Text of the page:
If you have any other ideas, or would like to help, do let me know. It’s a cause worth fighting for.

Please share this post with others you know. Spread the word. Click the ReTweet button. Share it on Facebook. On Digg. On Reddit. Over email. Over the phone.

Because y0u sure as hell wouldn’t want to see anyone you loved in that old man’s shoes.

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advertising, how to, industry, reputation

How To Keep Up The Ad Industry’s Sleazy Reputation

Treat the executive gents’ loo like a unisex loo.

Just like a colleague of mine did the other evening, opening and then hurriedly shutting the door of the toilet she’d been occupying when she noticed me standing at the urinal.

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advertising, creative

A Study In Creative Thinking

Today, I shall take all you wannabe advertising creatives – not that there are too many of you, what with the industry’s pitiful pay scales – through a basic exercise in honing your creative skills. This exercise has been advocated by some of the world’s greatest creative folk, creative directors and advertising professors who couldn’t quite put their theories into practice in the real world.

Every young creative’s first question to his or her senior is, “How can I think better?” Well, my inner voice Marble, who is extremely sarcastic at the best of times, usually answers, “Use your head.” But that is not the solution I refer to.

The exercise we go through is to sort of reverse-engineer a brilliant ad. That is, look at the final creative product and try to figure out what the creative brief must have been. That way, one will (hopefully) understand the thought process that went into the ad, and (even more hopefully) apply it when one is next briefed.

To simplify this for your understanding, I will provide examples. But you will, in all probability, not have seen the ads I’d put down here. Plus, I’m too lazy to search for the YouTube links. So, I will use examples we’re all extremely familiar with – nursery rhymes. (Many thanks to Dan Brown for the symbology lessons.)

Here goes.

Example 1
The Creative
Humpty-Dumpty sat on a wall,
Humpty-Dumpty had a big fall.
All the King’s horses and all the King’s Men
couldn’t put Humpty together again.

Decoding The Message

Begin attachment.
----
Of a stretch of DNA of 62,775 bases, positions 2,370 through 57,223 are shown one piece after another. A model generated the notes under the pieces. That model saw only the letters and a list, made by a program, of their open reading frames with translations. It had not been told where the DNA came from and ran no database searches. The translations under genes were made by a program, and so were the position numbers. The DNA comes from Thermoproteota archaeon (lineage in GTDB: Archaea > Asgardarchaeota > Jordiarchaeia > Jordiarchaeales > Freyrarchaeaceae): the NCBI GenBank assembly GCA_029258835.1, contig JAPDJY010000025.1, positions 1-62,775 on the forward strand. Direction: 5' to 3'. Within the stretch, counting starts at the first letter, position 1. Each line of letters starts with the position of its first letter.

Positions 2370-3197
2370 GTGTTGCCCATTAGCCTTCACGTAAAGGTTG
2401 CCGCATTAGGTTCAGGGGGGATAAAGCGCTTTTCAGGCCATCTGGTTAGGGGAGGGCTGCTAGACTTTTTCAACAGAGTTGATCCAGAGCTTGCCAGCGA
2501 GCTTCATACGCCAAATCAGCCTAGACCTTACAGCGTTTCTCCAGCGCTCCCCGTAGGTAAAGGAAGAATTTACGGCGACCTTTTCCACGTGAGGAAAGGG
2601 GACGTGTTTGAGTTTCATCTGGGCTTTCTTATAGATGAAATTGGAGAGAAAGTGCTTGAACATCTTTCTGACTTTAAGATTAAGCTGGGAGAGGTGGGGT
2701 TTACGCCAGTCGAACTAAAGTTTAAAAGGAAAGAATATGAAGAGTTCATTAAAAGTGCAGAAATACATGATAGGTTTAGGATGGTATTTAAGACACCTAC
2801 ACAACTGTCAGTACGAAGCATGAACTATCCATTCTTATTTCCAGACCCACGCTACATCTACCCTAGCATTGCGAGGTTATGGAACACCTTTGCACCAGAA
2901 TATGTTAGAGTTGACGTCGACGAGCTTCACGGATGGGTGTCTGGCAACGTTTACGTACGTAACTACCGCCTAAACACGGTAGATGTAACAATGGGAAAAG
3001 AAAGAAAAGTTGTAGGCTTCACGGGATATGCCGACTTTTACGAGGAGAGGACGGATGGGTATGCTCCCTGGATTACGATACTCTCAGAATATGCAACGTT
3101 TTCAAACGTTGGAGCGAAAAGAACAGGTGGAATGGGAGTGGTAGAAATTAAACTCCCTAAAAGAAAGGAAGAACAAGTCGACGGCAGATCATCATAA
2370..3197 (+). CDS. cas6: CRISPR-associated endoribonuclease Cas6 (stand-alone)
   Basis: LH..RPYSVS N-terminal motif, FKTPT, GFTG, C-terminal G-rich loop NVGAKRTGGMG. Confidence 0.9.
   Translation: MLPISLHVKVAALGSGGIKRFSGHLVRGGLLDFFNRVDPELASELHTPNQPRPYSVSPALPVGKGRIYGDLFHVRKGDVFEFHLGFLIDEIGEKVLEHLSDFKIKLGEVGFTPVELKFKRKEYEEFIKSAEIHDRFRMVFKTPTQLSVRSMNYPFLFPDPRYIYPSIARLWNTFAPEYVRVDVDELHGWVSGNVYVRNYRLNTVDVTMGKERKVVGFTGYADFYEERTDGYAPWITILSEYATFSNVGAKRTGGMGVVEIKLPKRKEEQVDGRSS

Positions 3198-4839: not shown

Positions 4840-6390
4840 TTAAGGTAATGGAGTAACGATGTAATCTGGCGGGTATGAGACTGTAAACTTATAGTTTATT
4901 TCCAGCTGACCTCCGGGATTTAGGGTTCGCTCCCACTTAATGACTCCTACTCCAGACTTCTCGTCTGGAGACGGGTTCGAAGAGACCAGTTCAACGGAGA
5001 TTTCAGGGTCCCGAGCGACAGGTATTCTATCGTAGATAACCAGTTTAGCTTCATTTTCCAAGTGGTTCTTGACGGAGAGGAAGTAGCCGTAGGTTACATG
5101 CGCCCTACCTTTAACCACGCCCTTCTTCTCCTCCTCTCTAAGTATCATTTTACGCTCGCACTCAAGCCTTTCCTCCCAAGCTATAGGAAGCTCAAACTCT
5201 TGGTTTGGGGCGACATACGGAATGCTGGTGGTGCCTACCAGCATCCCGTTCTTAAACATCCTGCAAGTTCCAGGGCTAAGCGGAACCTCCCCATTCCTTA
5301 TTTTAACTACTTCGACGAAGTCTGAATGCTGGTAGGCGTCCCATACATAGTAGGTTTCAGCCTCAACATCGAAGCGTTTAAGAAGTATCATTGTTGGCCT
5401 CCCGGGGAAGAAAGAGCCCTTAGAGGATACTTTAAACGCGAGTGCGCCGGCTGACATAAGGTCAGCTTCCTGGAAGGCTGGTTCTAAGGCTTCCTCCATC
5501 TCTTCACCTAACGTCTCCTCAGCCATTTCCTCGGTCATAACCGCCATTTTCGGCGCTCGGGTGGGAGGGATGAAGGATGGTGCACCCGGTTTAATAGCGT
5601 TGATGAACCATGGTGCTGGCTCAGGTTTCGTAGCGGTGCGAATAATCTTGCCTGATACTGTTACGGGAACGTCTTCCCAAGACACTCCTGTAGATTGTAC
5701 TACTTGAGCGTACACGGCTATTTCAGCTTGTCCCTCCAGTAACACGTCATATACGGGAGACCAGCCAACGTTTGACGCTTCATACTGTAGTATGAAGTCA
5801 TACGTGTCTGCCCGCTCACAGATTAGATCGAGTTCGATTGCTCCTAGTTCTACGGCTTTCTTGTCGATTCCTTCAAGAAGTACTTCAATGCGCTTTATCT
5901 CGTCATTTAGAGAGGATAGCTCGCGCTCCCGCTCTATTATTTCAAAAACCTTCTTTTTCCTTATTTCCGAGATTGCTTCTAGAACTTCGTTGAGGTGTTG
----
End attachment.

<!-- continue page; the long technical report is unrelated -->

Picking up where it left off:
Humpty-Dumpty, a large, fragile, egg-man, clearly represents human beings. In particular, his fragility leads us to infer that Humpty-Dumpty represents that most fragile of human beings – a human child, probably about 5 years of age. And if a human child sits on a wall (at some height, presumably), it is likely to fall. In case of such a fall, said child is likely to be seriously wounded, with little or no hope of survival.

Therefore, The Brief
Children these days are taking too many risks, especially when it comes to sitting at a great height. We need to educate children aged between 4 and 10 of the inherent dangers of sitting on a high wall without adequate safeguards.

 

Example 2
The Creative
Jack and Jill went up a hill
to fetch a pail of water.
Jack fell down
and broke his crown
and Jill came tumbling after.

Decoding The Message
Jack and Jill are clearly two reckless, post-pubertal teenagers who believe that nothing bad could ever happen to them. ‘Going up a hill to fetch a pail of water’ is evidently a metaphor for, you know, getting it on. The disastrous consequences of ‘going up the hill’ are clearly a metaphor for teenage pregnancy and all the problems it brings.

Therefore, The Brief
Teen pregnancy is increasing rapidly these days. Lack of viable birth control – not to mention self-control – is resulting in a great number of underage marriages and bastard children. We need to educate teenagers of both sexes about the disastrous consequences of premarital sex.

 

Example 3
The Creative
Hush a bye baby, on the tree top.
When the wind blows, the cradle will rock.
When the bough breaks, the cradle will fall.
Down will come baby, cradle and all.

Decoding The Message
Why would anyone try to hush a baby? Obviously because the baby is bawling its lungs out. No amount of rocking, singing, playing, feeding or cleaning diapers has helped quiet the fretful child. Leaving the mother, one would imagine, in quite a frustrated state of mind. Hence, the last three lines of the rhyme can be interpreted as a threat from a mother at the very edge of her sanity to her screaming child. Sort of along the lines of, “Beta, so jaa…nahin toh Gabbar aayega.”

Therefore, The Brief
Mothers all over England (the land where most nursery rhymes originated) are frustrated with their screaming, squalling brats. There have been several incidences of mothers killing their babies, themselves, or their husbands due to the resultant loss of sanity. This sets a bad example. So, we need to give mothers a tool to help them quiet their babies, thus removing the source of frustration.